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CU credit report rights covered in iCU Magi

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WASHINGTON (5/3/12)--Credit unions and others that use consumer reports must have a "permissible purpose" to obtain them according to the Fair Credit Reporting Act (FCRA), and Credit Union National Association (CUNA) Director of Compliance Information Valerie Moss has outlined the circumstances under which the FCRA allows a credit bureau to release a credit report to a credit union in the May issue of CUNA's Credit Union Magazine.

In the article, Moss notes that credit unions may collect credit reports:

  • When they are instructed by a consumer, in writing, to obtain their credit report;
  • When a member applies for a new line of credit; and
  • When they are needed for pre-employment research on a given job applicant.
The reports can also be collected to aid credit account reviews or collections. However, only active members' credit reports can be collected for this purpose.

Moss writes that the FCRA does not allow financial institutions to access credit reports for members with paid off or closed accounts. Credit unions with a legitimate business need for information may also collect credit reports provided they are used in connection with a business transaction that's initiated by the consumer, or to review an account to determine whether the consumer continues to meet the terms of the account.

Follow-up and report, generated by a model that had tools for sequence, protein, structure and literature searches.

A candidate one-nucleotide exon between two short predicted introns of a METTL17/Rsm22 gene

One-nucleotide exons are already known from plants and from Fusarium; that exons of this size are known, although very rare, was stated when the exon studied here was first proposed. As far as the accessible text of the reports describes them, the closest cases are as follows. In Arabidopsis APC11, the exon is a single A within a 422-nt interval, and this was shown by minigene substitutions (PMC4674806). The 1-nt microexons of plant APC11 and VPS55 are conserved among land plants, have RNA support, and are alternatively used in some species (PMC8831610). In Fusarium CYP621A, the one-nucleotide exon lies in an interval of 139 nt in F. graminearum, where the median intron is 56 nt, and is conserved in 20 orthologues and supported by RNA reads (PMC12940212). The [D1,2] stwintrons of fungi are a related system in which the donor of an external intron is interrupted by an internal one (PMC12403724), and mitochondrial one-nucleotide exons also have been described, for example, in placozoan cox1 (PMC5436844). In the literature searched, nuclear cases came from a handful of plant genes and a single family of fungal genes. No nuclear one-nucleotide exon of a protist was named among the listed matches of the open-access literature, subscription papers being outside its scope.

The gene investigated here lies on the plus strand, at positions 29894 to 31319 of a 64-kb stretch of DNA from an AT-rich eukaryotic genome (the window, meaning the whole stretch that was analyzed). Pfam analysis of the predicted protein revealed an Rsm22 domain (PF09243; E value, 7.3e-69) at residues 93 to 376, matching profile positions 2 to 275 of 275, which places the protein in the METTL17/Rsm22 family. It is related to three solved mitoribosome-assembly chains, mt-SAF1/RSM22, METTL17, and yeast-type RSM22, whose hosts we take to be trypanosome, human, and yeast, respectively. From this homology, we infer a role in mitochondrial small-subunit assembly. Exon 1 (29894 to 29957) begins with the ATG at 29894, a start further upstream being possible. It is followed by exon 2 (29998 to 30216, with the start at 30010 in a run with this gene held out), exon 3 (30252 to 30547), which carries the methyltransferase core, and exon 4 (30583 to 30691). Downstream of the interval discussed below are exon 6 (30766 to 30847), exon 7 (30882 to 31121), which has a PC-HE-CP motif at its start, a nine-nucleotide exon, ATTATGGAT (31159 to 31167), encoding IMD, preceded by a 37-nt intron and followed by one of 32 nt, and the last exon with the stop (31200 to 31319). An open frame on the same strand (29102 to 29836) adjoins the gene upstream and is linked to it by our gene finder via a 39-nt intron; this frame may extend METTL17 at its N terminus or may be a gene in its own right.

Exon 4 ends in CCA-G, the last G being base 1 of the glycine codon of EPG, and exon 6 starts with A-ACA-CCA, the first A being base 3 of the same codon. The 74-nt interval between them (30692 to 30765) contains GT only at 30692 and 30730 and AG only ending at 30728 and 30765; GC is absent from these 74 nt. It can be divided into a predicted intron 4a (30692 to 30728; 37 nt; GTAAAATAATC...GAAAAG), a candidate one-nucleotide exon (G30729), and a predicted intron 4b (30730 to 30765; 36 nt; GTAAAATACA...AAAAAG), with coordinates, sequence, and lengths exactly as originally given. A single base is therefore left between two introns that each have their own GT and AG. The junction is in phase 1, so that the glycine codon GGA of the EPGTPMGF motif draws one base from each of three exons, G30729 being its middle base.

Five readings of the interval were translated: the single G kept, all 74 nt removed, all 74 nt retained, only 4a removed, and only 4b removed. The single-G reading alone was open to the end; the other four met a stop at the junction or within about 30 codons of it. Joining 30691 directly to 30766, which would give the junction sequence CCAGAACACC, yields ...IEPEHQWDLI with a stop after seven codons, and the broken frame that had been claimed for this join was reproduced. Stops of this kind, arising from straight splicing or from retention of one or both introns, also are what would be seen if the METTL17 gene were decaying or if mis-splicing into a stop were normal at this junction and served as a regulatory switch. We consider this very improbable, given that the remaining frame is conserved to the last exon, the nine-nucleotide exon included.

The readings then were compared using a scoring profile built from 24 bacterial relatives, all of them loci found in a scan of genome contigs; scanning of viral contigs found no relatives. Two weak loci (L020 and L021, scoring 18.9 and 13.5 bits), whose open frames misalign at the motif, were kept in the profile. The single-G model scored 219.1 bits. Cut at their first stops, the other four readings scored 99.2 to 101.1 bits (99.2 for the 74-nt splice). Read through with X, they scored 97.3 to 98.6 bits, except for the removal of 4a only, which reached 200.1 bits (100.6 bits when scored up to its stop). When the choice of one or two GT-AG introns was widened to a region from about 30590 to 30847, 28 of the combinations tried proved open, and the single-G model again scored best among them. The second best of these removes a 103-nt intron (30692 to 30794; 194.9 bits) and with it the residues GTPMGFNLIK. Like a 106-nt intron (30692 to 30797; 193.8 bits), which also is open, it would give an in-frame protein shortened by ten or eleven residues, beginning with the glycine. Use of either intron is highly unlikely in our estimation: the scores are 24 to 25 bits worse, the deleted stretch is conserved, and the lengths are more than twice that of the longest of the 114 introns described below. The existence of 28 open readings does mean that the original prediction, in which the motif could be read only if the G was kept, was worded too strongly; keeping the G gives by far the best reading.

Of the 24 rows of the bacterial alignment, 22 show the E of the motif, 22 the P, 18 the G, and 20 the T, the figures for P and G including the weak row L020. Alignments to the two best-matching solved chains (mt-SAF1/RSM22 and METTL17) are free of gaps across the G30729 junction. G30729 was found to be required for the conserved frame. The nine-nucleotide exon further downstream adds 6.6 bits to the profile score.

Credit bureaus may furnish credit reports without a consumer's specific authorization if they are tied to loan applications, but many credit unions and other institutions still require their members to authorize the release of their credit report in these cases, according to Moss.

With the exception of prescreened solicitations, credit unions may not use credit reports to market products and services to their members, she added.

Other compliance articles are available in the latest issue of Credit Union Magazine. For those articles, and more from the magazine, use the resource link.

IRS opens 2013 low-income tax clinic grant program

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WASHINGTON (5/3/12)--Applications for the 2013 round of the Internal Revenue Service's (IRS) Low Income Taxpayer Clinic (LITC) grant process will be accepted until June 15, the IRS said Wednesday.